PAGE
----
Similarly to Ylli Sula, the owner and CEO of online job portal Dritan Mezini is trying to retain his staff. He believes that it costs less to keep employees than find new ones later. To adapt, he launched new services. For example, has been consulting clients on how to draft ads for jobs done remotely and in other special quarantine circumstances. It offered technical and training support for online meetings and co-working. The company even used the quarantine to become more socially responsible and offered free services to healthcare firms searching for staff due to COVID-19.

In both examples from Albania, businesses have approached the crises as a moment to reflect and act smartly and strategically. Clients diversification and new value-adding services were some of the embedded business strategies these companies have introduced and applied more strongly during the pandemic, which, in turn, have contributed to their economic resilience.

We are proud to say that all three companies – Unipro, Profesionisti and – are our partners. The RisiAlbania project of the Swiss Agency for Development and Cooperation (SDC), implemented by Helvetas and Partners Albania, supported these companies in the past to design innovative and flexible business strategies. Today, they remain resilient through adaptation and transformation without us – what more can systems thinkers hope for?

In Moldova, when the state of emergency was announced, some businesses thought that the lockdown would be over within a few months and introducing changes was unnecessary. Others reacted immediately because of the difficulty absorbing costs even for a short period.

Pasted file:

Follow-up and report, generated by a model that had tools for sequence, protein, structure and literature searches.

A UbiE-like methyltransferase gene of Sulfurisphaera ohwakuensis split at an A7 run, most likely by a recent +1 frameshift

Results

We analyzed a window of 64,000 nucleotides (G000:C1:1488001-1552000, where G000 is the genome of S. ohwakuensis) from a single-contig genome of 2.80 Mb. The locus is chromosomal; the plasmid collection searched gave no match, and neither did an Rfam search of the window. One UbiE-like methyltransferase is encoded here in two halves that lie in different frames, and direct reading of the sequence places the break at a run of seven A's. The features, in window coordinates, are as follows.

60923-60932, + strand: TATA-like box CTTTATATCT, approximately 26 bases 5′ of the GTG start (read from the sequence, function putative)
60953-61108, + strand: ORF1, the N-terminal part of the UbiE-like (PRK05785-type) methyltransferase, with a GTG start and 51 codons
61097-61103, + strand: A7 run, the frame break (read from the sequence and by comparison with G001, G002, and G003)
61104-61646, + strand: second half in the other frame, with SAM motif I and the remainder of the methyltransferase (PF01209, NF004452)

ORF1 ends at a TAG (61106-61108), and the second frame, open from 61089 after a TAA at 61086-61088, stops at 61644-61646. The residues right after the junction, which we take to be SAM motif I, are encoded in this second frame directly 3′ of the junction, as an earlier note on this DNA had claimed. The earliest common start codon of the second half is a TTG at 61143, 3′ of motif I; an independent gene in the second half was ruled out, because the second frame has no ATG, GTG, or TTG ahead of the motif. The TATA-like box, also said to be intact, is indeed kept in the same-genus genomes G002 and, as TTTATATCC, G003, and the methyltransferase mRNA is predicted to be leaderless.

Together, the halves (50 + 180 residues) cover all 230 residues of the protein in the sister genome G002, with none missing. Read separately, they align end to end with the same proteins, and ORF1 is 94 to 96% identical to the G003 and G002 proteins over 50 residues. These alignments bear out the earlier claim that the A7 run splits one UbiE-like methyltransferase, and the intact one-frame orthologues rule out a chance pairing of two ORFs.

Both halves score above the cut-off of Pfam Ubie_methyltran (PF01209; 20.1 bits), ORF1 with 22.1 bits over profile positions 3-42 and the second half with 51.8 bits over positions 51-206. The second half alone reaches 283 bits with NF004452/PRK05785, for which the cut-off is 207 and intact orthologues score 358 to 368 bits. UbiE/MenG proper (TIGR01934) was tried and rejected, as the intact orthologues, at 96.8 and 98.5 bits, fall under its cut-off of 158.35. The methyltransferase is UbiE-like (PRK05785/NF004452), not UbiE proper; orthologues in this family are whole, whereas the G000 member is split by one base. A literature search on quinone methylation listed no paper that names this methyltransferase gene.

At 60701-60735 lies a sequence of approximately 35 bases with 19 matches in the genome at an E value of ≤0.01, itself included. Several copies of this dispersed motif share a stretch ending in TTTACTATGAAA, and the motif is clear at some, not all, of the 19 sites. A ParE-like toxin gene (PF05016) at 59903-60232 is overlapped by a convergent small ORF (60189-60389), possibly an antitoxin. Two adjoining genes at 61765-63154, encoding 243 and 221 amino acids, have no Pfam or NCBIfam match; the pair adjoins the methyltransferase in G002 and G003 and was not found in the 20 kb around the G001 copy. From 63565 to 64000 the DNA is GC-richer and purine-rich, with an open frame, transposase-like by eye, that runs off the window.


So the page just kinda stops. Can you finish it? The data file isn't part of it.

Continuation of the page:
The OPTIM project of SDC implemented by Helvetas in partnership with the Chamber of Commerce and Industry and Mesopartner supported businesses to adapt to the crisis by shifting their operations online. For example, agricultural producers and retail chains shifted to e-commerce. While Moldova is advanced in exporting/outsourcing its IT services, the absorption of technology in the domestic market is not at a high level. Some of the OPTIM partners have opened online sales for farmer’s produce; some restaurants introduced Google forms for online orders before they could set up a proper site for ordering food.

Informed businesses are better positioned to make sound decisions during a crisis. Even if there is support coming from the government or other sources (e.g. donors), many of the small businesses need advice on how to effectively use their scare resources, as well as how to navigate new regulations and requirements. The COVID-19 pandemic became a test to the relevance of business cooperation. Associations like HORECA or Alliance of SMEs of Moldova, whose members were hit hard by the lockdown measures, responded by giving legal, fiscal, and business development advice to all members and non-members. For example, they helped small firms to avoid being ejected from their premises by renegotiating terms and conditions with landlords.

The case from Moldova shows that the internal governance structure of actors influences their agility to respond to crises. This contributes to the capacity of small businesses to rebound, reboot, and possibly reinvent themselves.

The road ahead….

Lockdowns are by default a weak response to the COVID-19 pandemic. The crisis is not either a health or a wealth issue. To use the fairy tale of the ant and grasshopper, winter always comes, and we should be ready for the cold weather. The moral of the story is that one has to work hard and plan for the future in order not just to survive and recover, but also to co-exist, adapt, and learn. That readiness means we should build resilient systems, and that cannot be done in one day. It is a long process that needs commitment through good times and bad times.